Rumour has it that Amazon will be announcing (or possibly even launching) their ebook initiative on Monday. Included with this is their first foray into the world of hardware manufacture with the “Kindle”1 ebook reader.
Earlier this month, the good folks at Bookeen launched (as in: actually shipped) their third-generation ebook reader, appropriately called the “Cybook Gen 3“. I’ve been watching their progress avidly, and the second I heard that the Cybook was shipping my credit card and I leaped into action. Being quick on the draw, I managed to get my order in early enough to get one of the first shipments. Within days (possibly hours) their initial supply had sold out and all other orders were delayed from a Nov 2 ship date to sometime in mid-December.
I received my Cybook (from Paris, via FedEx) on Nov 7 and have been using it daily since. I’ve taken some pictures, which you can view over at my flickr photo set.
It is, as I say, very much like living in the future. There are some rough spots of course, but also some unexpected highlights. Here’s a quick rundown:
Readability: The contrast and resolution on the Cybook are great. I’m really impressed by the clarity and readability. These e-ink based ebook readers do not include a backlight, so you can only read them anywhere you can read a regular book. The Cybook screen is nicely matte, so there’s no glare issue whatsoever. Grade: A-.
Memory: The Cybook comes with 64mb of content memory and has an SD slot for memory expansion. The 2gb of additional memory I’ve added will allow me to put somewhere in the region of 3000-5000 books on it. Grade: A+++ I’m living in the future.
Weight and size: roughly 300g including cover and battery; roughly the same height, width, and thickness as a 300 page regular (non-trade) paperback. Grade: A+.
Battery life: the Bookeen folk estimate that a full charge should last around 8000 page turns. The e-ink technology apparently only draws power when changing what’s displayed, using no power otherwise. At this point I’ve read around 300 pages and the battery indicator is still pegged at 100%. Grade: A+.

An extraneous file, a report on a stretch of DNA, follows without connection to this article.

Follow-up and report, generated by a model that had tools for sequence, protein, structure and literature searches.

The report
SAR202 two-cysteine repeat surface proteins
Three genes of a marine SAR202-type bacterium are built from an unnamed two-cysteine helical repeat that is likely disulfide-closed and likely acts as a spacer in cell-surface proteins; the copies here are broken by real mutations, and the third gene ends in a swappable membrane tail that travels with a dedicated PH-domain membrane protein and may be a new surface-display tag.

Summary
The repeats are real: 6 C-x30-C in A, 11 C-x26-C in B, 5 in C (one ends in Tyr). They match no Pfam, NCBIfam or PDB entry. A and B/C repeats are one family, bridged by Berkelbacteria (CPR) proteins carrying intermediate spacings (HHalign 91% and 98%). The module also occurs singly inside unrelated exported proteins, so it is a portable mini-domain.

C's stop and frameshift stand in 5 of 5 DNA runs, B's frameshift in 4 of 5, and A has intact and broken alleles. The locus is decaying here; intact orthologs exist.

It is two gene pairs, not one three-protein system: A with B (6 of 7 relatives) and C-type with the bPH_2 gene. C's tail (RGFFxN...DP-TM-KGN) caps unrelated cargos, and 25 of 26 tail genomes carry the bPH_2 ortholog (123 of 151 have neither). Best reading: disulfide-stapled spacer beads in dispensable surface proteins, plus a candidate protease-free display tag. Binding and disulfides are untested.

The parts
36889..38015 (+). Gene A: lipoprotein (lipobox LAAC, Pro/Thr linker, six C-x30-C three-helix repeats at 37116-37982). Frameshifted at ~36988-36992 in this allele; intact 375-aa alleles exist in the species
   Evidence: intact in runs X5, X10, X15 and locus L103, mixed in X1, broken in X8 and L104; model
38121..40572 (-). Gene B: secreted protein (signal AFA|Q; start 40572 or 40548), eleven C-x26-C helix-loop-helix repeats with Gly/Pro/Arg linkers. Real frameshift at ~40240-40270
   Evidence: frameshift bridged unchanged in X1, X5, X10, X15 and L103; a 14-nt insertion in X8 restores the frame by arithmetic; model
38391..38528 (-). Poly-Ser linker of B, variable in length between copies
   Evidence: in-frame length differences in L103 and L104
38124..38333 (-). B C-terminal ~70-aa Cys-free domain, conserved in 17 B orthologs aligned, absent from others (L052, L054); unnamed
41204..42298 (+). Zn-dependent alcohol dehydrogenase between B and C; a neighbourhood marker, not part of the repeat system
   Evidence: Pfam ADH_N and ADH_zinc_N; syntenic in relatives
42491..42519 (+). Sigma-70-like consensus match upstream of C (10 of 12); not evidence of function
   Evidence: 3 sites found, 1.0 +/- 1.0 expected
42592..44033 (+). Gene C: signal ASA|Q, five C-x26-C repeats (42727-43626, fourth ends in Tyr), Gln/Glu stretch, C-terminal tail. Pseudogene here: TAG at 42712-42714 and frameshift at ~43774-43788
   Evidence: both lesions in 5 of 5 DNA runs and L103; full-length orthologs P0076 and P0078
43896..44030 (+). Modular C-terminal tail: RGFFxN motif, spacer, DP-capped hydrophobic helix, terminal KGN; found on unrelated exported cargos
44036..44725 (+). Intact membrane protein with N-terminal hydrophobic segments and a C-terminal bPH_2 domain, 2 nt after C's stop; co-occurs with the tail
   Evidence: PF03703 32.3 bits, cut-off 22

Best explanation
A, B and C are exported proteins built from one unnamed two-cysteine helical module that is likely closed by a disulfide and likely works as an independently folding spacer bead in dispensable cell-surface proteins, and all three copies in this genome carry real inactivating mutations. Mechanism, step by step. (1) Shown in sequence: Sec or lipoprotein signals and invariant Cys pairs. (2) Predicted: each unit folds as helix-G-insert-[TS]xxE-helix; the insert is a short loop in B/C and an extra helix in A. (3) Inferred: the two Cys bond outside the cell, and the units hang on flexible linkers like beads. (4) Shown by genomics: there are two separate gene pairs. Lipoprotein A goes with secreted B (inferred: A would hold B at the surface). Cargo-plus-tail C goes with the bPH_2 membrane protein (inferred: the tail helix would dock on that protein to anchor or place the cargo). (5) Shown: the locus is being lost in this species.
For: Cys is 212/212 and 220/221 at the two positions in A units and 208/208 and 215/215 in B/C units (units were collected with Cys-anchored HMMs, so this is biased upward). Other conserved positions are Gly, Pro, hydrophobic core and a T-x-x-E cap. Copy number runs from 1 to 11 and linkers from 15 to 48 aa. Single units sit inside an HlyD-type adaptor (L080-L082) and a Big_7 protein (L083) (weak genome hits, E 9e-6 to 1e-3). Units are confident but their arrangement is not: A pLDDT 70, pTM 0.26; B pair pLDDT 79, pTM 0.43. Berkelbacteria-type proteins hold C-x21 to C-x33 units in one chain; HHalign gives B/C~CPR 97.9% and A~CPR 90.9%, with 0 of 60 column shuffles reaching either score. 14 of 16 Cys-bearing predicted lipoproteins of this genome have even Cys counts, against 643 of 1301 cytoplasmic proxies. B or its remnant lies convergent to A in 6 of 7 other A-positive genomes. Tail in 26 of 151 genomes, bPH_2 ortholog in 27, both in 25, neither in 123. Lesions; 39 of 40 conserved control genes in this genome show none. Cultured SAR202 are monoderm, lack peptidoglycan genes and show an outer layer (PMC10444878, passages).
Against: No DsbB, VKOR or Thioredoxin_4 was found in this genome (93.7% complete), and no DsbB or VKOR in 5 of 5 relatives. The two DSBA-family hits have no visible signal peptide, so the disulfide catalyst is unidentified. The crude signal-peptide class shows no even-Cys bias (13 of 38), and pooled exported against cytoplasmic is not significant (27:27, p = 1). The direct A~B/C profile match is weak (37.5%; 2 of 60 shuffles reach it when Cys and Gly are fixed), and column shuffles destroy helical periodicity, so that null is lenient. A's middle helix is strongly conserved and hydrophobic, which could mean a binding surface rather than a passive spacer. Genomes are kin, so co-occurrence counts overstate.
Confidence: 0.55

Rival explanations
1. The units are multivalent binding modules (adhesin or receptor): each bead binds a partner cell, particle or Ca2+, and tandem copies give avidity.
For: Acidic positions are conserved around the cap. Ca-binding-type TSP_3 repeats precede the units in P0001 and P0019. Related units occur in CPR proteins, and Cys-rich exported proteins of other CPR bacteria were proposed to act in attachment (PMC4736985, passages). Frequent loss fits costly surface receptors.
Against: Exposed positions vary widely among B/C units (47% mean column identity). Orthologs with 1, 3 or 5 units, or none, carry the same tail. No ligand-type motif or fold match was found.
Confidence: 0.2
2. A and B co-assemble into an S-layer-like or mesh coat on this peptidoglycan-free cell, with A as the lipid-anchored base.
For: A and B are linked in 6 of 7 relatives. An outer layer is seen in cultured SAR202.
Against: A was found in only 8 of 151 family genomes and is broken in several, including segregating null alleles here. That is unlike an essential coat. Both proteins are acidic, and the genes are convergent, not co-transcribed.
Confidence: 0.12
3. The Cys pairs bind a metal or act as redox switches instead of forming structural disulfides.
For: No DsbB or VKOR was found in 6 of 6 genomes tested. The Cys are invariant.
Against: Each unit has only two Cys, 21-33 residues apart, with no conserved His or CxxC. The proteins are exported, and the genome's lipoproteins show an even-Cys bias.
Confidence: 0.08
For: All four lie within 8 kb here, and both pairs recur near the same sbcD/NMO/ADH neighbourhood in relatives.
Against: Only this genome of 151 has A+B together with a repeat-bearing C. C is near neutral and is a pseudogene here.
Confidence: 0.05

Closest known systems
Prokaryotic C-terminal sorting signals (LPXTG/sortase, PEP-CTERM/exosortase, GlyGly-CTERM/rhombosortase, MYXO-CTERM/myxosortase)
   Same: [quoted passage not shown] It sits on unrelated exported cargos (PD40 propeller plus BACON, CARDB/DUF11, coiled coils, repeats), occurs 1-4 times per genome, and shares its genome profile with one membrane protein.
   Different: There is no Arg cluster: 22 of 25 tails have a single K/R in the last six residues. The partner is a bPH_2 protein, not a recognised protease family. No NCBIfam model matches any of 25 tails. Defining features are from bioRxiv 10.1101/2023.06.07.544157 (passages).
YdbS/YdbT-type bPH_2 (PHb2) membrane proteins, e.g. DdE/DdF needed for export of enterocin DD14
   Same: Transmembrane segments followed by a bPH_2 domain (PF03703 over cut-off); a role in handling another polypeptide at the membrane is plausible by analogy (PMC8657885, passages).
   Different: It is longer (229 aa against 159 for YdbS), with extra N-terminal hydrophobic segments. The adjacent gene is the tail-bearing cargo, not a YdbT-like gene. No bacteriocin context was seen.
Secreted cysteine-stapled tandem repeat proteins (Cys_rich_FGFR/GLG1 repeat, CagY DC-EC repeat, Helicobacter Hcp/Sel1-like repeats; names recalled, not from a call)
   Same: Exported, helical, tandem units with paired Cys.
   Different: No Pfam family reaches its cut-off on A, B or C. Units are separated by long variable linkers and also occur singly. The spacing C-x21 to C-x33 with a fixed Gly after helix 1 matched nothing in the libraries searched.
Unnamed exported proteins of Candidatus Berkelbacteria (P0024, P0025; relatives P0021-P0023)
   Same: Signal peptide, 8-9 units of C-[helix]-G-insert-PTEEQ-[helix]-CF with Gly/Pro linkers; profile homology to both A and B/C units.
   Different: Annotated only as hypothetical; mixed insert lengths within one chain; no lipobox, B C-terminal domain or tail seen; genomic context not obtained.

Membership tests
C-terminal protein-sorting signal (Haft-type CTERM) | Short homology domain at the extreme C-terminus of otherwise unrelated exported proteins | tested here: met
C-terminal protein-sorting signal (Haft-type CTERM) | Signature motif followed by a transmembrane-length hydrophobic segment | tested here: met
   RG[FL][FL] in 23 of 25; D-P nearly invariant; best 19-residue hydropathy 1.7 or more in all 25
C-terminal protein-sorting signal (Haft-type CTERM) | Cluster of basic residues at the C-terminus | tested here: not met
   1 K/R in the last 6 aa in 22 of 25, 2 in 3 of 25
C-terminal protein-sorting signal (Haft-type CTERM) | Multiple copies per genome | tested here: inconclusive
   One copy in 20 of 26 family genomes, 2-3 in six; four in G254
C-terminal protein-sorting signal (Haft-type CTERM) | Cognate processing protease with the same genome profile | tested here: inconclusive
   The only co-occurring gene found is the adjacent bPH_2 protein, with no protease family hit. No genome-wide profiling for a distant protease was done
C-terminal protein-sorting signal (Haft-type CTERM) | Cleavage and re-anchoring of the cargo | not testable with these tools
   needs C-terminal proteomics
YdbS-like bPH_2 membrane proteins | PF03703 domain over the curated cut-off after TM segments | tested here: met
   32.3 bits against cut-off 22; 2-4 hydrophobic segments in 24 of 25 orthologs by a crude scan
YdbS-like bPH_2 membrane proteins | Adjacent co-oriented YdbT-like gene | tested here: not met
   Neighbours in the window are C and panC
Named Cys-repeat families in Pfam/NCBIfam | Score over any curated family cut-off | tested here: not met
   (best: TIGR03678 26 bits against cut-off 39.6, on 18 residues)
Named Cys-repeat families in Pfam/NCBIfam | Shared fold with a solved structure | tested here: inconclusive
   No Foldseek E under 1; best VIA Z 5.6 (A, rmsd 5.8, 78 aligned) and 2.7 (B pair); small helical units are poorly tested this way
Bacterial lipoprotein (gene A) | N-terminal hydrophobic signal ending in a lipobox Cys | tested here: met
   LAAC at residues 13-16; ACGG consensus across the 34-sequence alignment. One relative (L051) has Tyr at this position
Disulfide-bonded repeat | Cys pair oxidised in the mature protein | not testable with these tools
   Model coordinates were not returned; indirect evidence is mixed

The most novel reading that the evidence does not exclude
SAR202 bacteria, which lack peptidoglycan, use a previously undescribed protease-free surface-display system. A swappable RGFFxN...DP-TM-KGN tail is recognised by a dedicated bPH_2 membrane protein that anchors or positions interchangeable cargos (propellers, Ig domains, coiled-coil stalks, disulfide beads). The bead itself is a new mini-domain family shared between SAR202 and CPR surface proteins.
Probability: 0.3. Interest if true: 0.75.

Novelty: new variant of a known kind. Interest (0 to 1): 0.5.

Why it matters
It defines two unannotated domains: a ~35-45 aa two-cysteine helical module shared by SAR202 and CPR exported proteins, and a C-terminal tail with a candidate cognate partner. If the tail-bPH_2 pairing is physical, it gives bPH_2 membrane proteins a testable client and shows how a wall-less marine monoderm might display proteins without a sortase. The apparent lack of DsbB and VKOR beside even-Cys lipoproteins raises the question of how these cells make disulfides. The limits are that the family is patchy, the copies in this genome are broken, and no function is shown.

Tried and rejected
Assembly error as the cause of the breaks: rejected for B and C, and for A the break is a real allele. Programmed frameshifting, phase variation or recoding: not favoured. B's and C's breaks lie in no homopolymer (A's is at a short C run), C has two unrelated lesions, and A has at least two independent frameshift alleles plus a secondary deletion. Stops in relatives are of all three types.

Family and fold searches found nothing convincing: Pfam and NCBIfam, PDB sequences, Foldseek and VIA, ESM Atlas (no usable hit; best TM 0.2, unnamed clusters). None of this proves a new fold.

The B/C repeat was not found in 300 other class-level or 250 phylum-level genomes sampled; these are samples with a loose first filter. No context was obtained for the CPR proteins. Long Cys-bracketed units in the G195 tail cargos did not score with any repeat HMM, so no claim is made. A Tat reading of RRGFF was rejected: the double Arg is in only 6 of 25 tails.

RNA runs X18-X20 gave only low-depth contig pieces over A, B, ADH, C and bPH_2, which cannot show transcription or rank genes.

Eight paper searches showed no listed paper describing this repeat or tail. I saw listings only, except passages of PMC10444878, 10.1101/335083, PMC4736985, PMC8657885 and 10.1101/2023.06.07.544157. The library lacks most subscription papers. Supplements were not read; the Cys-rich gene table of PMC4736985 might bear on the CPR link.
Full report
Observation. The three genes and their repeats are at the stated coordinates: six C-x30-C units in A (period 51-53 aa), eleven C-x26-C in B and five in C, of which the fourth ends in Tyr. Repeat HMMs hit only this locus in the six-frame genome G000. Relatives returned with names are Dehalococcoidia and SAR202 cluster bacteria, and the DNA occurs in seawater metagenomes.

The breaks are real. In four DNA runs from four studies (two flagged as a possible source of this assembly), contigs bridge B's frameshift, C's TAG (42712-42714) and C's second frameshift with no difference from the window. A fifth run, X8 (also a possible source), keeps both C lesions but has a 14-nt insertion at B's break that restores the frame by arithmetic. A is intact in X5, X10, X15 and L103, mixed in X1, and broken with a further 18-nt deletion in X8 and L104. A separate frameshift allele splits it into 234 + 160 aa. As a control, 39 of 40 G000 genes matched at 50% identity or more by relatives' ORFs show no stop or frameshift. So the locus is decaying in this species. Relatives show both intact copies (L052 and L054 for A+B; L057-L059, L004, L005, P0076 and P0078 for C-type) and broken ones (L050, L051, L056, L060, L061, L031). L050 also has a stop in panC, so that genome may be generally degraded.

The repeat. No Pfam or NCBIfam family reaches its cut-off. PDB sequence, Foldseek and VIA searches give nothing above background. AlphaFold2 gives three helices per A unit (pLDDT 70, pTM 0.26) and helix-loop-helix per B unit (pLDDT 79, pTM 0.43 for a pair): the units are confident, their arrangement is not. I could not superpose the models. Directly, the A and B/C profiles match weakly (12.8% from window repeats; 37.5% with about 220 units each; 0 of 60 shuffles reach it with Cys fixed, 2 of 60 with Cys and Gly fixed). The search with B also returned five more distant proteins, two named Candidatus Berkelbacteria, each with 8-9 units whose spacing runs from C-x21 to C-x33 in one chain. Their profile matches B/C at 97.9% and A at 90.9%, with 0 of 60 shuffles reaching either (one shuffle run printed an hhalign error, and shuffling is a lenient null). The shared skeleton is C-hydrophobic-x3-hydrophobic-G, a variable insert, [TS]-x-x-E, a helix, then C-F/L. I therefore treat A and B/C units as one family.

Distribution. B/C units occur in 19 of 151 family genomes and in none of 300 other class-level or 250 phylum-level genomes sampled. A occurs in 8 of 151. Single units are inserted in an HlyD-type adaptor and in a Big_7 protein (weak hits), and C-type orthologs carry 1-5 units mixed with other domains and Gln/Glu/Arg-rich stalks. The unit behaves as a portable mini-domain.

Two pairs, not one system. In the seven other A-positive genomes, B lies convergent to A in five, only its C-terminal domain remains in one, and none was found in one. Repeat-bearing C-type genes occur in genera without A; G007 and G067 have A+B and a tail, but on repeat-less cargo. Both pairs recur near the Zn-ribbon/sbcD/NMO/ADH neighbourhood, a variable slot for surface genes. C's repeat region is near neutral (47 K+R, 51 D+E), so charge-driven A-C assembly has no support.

Ghosting, page turn speed: Both excellent. I have seen no evidence of ghosting yet, but this may be an issue that takes a few tens of thousand of page turns to appear. I will post an update later if this happens. Page turn speed (the length of time it takes to completely change the display after pushing the button) is excellent. Not instantaneous, but still faster than actually turning a page in a physical book. No complaints here at all. Grade: A-.
Formats: The Cybook allows you to read ebooks in four formats — mobipocket, HTML, PDF, and plaintext. The mobipocket format is, by far, the best. HTML is second best being quite readable with functioning hyperlinks (assuming the hyperlinks are within the same document — these things aren’t hooked up to the internet). Plaintext is OK, but hard-wrapped formats get all messed up — I need to find a script to un-hard-wrap the Gutenberg plaintext files. PDF — well it depends for what size paper the PDF was formatted. If the PDF is formatted to a paperback-sized page, it’s fantastic. If the PDF is formatted to 8.5×11, then it’s utterly illegible with no way to resize the fonts or zoom the pages (that I have found). Grade: A+ for mobipocket, B+ for HTML, B- for plaintext, D for PDF.
User interface: Overall the UI is good, but not great. The “menu” button (which you use to navigate back to the main library screen, set bookmarks, adjust font sizes, etc) is awkwardly placed. The main “select” button is really too clicky — it’s just loud, when it should be silent. The little rubber cover for the USB port is a bit flimsy, doesn’t really get out of the way sufficiently, and is bloody impossible to remove when the cover is on. I am somewhat tempted just to rip it off now and save myself the trouble of dealing with it entirely. Otherwise, the Cybook is great. Grade: B.
Cover: Nicely made, well designed, good fit. Only comes in a somewhat disappointingly ugly brown and costs an extra $40. Hopefully other covers will come available over time. The cover is absolutely essential, however, even though it is brown. Don’t fool yourself into thinking otherwise. It’s worth every penny. Grade: A.
Manufacturing quality: The Cybook is well made and feels very solid. I definitely don’t feel as if I have to baby it or be excessively cautious when slinging it into bags or backpacks. The cover helps, of course, and I strongly recommend you buy a cover if you get one of these. Grade: A.
DRM: Buying ebooks (mobipocket format, f.e.) requires that you enter your device PID before you can download the book. This, I assume, is how they’re enforcing Digital Rights Management (DRM), which is just a fancy way of saying “you can’t lend other people your ebooks, ever”. Given that ebooks are currently priced roughly equivalent to physical books, this is an annoying pain in the ass. Publishers are really going to have to rethink the pricing scheme on these things, because paying the same for a DRM’d ebook and a regular physical book is just nonsense. Grade: bullshit.
Overall, I’m very happy with my Cybook. It’s small, light, comfortable to read, and does its job well. Unlike the rumoured Amazon “Kindle”, it doesn’t do wifi or have a keyboard or read email (wtf), but I’m really OK with that. I spend all day on the Internet — when I’m reading it’s quite specifically an opportunity for me to get the hell away from the machines.
I’m very excited by the possibilities Amazon’s ebook initiative may open up. Currently buying ebooks can be challenging — the seller sites tend to be atrocious, and selection is slim. Being able to buy mobipocket-format ebooks through Amazon.com (with all its reviews and whatnot) would be absolutely brilliant. We’ll see what happens on Monday!
1 – “Kindle”, seriously? Def’n: catch fire; cause to start burning. That’s a little Fahrenheit 451 of them.